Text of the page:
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Things I do http://sigadev.com A blog like 1000 others (german/english) (c) Johann Blauensteiner Fri, 07 Aug 2015 11:01:46 +0000 en-US hourly 1 https://wordpress.org/?v=3.9.27 Configuration in Node.js http://sigadev.com/2014/08/07/configuration-in-node-js/ http://sigadev.com/2014/08/07/configuration-in-node-js/#comments Thu, 07 Aug 2014 09:32:43 +0000 http://sigadev.com/?p=19 UsingĀ  configuration settings is quite easy in Node. Just use a plain old object.

var env = process.env.NODE_ENV || 'development';
var config = {
  development: {
    key:'value'
  },
  test: {
    key:'value'
  },
  production: {
    ...
  }
}
module.exports = config[env];

var config = require('./config');

Or store the configuration as JSON-File:

{
  "development": {
    "key":"value"
  },
  "test": {
    "key":"value"
  },
  "production": {
    ...
  }
}

var env = process.env.NODE_ENV || 'development';
var config = require('./config')[env];

BUT…. It’s not always that easy.

Typical requirements are:

  • multiple config files (with hierarchical dependencies)
  • config needs to vary based on running environment (development, production)
  • use environment variables
  • use arguments
  • including credentials and sensitive information in source can be problematic

Take a closer look at NPM and you realize there are many packages.

After reading a few posts I decided to focus in convict and nconf.

I started with nconf.

Description from their website:

Hierarchical node.js configuration with files, environment variables, command-line arguments, and atomic object merging. it is designed to be a simple key-value store with support for both local and remote storage

nconf makes it easier to handle configuration files but the advantages are not as many as I expected. Ok, it’s better using a well tested module with community support than doing it myself but nconf was not able to convince me.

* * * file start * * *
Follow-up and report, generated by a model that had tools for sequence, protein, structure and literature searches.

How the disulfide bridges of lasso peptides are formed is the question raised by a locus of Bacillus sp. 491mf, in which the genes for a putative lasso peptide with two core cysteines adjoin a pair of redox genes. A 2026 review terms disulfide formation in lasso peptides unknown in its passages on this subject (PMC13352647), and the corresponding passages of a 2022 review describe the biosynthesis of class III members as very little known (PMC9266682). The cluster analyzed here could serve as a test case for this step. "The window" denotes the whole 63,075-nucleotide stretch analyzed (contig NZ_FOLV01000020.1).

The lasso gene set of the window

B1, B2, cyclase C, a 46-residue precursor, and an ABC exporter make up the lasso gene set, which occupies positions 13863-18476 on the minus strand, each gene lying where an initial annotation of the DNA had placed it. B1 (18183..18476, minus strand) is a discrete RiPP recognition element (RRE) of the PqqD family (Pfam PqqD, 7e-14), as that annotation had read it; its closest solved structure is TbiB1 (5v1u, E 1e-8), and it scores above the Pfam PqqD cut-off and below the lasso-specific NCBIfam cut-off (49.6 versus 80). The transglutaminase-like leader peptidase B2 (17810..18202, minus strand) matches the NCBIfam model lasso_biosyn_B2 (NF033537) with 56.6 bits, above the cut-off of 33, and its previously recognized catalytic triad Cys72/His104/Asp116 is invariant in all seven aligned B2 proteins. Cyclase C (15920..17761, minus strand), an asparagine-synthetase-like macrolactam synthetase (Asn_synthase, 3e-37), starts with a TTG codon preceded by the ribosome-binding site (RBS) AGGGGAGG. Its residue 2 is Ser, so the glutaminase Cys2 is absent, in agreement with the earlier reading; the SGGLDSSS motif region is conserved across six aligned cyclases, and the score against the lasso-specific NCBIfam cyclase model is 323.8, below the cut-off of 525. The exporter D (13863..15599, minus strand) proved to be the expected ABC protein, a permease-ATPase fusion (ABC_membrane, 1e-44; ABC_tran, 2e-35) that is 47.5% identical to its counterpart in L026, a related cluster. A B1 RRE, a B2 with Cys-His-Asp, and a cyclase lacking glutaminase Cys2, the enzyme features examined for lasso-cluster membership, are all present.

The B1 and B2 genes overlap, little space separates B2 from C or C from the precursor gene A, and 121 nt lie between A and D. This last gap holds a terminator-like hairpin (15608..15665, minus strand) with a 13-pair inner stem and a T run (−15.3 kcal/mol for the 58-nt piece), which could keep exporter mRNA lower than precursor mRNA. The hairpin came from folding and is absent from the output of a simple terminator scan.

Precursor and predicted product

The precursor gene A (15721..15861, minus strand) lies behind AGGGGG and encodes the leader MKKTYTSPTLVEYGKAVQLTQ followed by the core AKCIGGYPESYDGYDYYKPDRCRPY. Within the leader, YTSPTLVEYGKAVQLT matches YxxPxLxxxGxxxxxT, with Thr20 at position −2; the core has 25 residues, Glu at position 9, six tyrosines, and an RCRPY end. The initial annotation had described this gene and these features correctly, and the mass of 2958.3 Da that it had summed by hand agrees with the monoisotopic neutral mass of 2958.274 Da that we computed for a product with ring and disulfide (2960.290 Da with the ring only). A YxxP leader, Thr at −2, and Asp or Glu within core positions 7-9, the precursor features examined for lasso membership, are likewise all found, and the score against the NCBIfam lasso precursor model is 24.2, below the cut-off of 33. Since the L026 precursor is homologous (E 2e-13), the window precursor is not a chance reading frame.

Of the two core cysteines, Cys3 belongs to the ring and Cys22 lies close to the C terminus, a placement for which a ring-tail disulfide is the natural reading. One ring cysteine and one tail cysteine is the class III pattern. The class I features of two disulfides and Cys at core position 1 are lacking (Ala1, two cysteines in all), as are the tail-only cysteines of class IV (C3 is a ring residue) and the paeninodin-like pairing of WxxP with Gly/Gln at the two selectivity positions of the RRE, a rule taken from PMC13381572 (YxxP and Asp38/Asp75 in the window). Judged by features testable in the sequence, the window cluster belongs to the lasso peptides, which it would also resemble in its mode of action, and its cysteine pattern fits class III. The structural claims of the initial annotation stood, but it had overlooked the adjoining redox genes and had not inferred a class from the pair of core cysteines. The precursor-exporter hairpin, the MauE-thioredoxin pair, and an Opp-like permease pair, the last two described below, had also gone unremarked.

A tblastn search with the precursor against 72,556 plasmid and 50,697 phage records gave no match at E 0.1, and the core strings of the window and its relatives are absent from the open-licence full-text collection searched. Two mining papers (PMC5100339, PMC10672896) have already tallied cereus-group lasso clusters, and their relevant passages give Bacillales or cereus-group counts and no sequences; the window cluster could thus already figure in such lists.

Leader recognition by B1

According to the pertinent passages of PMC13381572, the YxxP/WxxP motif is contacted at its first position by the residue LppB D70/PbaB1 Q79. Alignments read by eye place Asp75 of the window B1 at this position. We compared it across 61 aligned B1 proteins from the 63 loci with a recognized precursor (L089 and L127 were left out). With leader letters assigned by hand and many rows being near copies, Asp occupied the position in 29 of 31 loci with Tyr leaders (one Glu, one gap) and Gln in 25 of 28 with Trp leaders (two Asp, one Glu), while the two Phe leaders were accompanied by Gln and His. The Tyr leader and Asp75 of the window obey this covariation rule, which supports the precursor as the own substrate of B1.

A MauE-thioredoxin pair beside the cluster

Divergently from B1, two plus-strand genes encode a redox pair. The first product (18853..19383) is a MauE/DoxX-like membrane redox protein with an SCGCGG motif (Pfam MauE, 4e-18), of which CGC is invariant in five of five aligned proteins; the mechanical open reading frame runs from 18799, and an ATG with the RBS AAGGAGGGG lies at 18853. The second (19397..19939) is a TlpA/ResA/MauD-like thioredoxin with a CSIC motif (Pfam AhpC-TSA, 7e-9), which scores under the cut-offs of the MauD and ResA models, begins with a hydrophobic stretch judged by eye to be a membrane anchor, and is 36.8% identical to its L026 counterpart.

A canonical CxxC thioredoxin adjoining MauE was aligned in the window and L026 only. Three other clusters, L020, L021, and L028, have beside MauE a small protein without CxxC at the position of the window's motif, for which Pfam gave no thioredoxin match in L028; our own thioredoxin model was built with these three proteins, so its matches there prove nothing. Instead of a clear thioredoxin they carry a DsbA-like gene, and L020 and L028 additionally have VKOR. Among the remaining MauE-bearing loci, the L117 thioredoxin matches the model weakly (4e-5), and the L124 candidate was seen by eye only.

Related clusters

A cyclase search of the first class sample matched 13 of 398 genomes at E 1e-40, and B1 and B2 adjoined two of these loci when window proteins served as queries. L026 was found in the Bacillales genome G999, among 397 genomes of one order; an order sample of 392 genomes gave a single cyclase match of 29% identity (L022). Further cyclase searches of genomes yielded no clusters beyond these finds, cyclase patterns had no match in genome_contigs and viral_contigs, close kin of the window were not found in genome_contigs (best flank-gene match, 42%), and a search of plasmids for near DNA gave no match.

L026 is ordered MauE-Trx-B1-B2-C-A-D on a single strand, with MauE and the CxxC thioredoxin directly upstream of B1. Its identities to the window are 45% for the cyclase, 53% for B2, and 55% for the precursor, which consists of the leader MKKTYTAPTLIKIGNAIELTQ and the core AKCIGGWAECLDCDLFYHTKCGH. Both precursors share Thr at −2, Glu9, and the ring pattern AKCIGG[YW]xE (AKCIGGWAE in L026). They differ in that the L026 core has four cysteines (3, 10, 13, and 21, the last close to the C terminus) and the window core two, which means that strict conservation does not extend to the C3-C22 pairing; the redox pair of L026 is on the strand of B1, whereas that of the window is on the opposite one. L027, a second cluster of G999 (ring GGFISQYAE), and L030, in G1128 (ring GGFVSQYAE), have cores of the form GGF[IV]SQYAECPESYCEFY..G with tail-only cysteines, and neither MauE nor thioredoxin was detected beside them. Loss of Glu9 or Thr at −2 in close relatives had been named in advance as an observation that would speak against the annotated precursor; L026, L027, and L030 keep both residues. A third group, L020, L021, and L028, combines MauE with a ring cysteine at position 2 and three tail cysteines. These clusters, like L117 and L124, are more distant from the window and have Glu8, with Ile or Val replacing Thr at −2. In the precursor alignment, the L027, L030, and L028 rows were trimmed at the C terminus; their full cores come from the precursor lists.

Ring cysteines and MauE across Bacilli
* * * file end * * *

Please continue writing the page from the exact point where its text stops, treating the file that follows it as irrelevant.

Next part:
So I moved on to convict.

After spending 5 minutes for the documentation it was clear, it is the right thing because it has a validation feature.

Before you can use validation, you have to prepare a schema. In order to help detect misconfiguration, convict allows you to define a format for each setting:

  • Type information
  • Default values
  • values from environmental variables or command-line arguments
  • Documentation (nice feature, so even after 10 months you still know what a setting is good for :-) )

So due to its validation feature, illegal config values are detected and environmental variables can be mapped to any configuration key without coding.

So I stay with convict.

photo credit: JaulaDeArdilla via photopin cc

 

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UI, where are you? http://sigadev.com/2014/07/23/ui-where-are-you/ http://sigadev.com/2014/07/23/ui-where-are-you/#comments Wed, 23 Jul 2014 13:15:01 +0000 http://sigadev.com/?p=12 For my current Node.js project I need a HTML-UI-Framework, which offers:

  • Drag&Drop components (
  • Handle SVG
  • A lot of components
  • “Help System” (F1) included for components
  • I18N, L10N (yes I do Java too)

Ok, it sounds like a wishlist for Christmas

Of course, JQuery UI is an option, but I want to spend some time for new alternatives “New” for me

So I start evaluating…

JQuery EasyUI

W2UI

photo credit: NathanaelB via photopin cc

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